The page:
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Local Processing of Dendritically Synthesized Membrane Proteins

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Local synthesis, atypical N-glycosylation and turnover of neuronal surface proteins

Local protein synthesis is a particularly efficient means to locally control the molecular composition of targeted cellular compartments. New data indicate that local protein synthesis in neuronal dendrites may enable neurons to control the glycosylation status and hence the stability and function of key surface proteins.

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Neuronal development and synaptic transmission require the continuous production of secreted trophic factors and transmembrane proteins, for example neurotransmitter receptors, adhesion molecules and ion-channels, and thus heavily rely on the secretory machinery: the endoplasmic reticulum and the Golgi apparatus, where these proteins are synthesized and, in most cases, chemically modified by addition of complex sugars during N-glycosylation. N-glycosylation is the second most frequent protein post-translational modification after phosphorylation and regulates every aspect of the biology of membrane proteins. Yet and despite a likely central role in neurons, strikingly little is known on the N-glycosylation of neuronal proteins. The results of the EU-funded DENDRITIC PROCESSING (Local processing of dendritically synthesized membrane proteins) project indicate that the spatial segregation of membrane protein synthesis and processing in the soma versus dendrites allows neurons to exploit multiple secretory pathways to diversify the properties (e.g. stability, desensitization) of surface membrane proteins. More specifically, researchers found that, as a result of unconventional secretory processing, hundreds of key surface-expressed neurotransmitter receptors, voltage-gated ion channels and synaptic adhesion proteins display glycosylation profiles that are typically associated with immature proteins before their export to the cell surface. This core-glycosylation is associated with a faster protein turnover and is regulated by synaptic activity, unravelling a novel mechanism controlling the electrical and chemical sensing properties of the neuronal membrane. Another important milestone of the project was the development of a new transgenic mouse line for genetic targeting of protein metabolites in the mammalian brain. This model enables the conditional expression of an enzyme methionyl tRNA synthetase L274G to incorporate non-canonical amino acids as 'tags' in the proteins made by specific cells for subsequent isolation or visualization. Glycosylation is a critical stage in the processing and turnover of membrane and secreted molecules in the cell. It is not surprising that N-glycosylation defects in the brain result in severe and often lethal developmental disorders. The concept of locally regulated glycosylation and protein turnover is important for better understanding of such disorders and their diagnosis.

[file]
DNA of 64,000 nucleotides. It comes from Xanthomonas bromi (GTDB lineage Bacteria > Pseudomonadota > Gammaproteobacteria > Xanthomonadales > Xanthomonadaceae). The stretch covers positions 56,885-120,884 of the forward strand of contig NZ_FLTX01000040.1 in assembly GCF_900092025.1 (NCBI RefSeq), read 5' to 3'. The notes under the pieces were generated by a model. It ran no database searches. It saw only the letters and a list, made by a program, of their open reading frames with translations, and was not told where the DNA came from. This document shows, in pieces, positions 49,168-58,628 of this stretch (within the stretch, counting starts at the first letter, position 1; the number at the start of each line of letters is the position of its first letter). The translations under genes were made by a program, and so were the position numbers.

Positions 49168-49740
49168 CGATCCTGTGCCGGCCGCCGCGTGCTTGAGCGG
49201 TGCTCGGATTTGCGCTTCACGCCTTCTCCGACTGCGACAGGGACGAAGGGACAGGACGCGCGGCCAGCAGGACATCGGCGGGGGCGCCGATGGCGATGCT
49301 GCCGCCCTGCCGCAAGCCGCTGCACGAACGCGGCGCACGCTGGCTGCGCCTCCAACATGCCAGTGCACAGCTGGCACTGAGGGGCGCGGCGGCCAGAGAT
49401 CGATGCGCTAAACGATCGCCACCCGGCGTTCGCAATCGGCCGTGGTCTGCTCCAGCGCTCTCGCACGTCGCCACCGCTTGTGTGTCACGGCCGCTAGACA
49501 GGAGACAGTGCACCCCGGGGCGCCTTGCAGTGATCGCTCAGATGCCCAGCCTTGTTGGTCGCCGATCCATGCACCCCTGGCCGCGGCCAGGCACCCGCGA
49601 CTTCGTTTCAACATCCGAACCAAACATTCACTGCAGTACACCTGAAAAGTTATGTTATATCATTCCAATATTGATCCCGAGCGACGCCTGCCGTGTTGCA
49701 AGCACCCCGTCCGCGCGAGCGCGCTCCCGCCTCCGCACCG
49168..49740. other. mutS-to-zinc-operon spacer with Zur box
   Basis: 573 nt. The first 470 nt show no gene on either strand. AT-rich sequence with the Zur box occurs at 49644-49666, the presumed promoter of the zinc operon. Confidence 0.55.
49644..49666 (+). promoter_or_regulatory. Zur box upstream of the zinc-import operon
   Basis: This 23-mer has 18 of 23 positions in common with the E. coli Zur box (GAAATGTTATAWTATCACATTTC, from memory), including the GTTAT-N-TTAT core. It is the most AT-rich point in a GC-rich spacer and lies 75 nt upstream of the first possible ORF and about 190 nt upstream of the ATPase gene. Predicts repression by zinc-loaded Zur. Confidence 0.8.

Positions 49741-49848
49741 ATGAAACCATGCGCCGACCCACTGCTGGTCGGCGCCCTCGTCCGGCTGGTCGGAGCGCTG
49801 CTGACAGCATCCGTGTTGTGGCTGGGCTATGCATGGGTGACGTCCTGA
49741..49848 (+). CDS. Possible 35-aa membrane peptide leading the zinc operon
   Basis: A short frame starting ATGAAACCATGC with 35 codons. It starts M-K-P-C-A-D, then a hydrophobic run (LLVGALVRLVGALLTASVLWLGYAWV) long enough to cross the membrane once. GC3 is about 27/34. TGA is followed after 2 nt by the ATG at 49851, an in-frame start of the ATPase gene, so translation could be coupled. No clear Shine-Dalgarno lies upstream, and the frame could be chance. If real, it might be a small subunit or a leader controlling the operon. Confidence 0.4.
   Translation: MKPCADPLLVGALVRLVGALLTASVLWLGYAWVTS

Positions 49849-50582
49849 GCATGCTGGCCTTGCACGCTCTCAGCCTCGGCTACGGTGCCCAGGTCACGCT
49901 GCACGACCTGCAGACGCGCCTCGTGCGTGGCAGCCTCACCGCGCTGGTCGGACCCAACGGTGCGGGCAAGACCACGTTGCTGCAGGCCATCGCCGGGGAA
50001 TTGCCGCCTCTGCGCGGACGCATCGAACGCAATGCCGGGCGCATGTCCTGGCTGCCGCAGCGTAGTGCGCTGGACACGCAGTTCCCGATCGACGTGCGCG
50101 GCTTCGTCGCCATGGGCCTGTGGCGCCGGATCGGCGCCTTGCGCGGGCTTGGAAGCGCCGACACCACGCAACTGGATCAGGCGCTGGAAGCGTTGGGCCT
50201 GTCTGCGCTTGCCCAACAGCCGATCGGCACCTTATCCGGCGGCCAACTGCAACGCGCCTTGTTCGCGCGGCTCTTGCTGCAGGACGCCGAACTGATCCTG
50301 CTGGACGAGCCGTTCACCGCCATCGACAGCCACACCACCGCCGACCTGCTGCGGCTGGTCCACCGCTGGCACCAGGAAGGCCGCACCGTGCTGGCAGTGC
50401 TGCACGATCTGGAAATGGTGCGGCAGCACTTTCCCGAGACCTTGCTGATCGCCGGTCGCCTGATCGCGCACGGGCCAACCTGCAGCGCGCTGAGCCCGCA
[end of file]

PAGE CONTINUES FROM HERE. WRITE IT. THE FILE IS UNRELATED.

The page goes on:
Protein turnover, neuronal, membrane protein, dendrites, glycosylation

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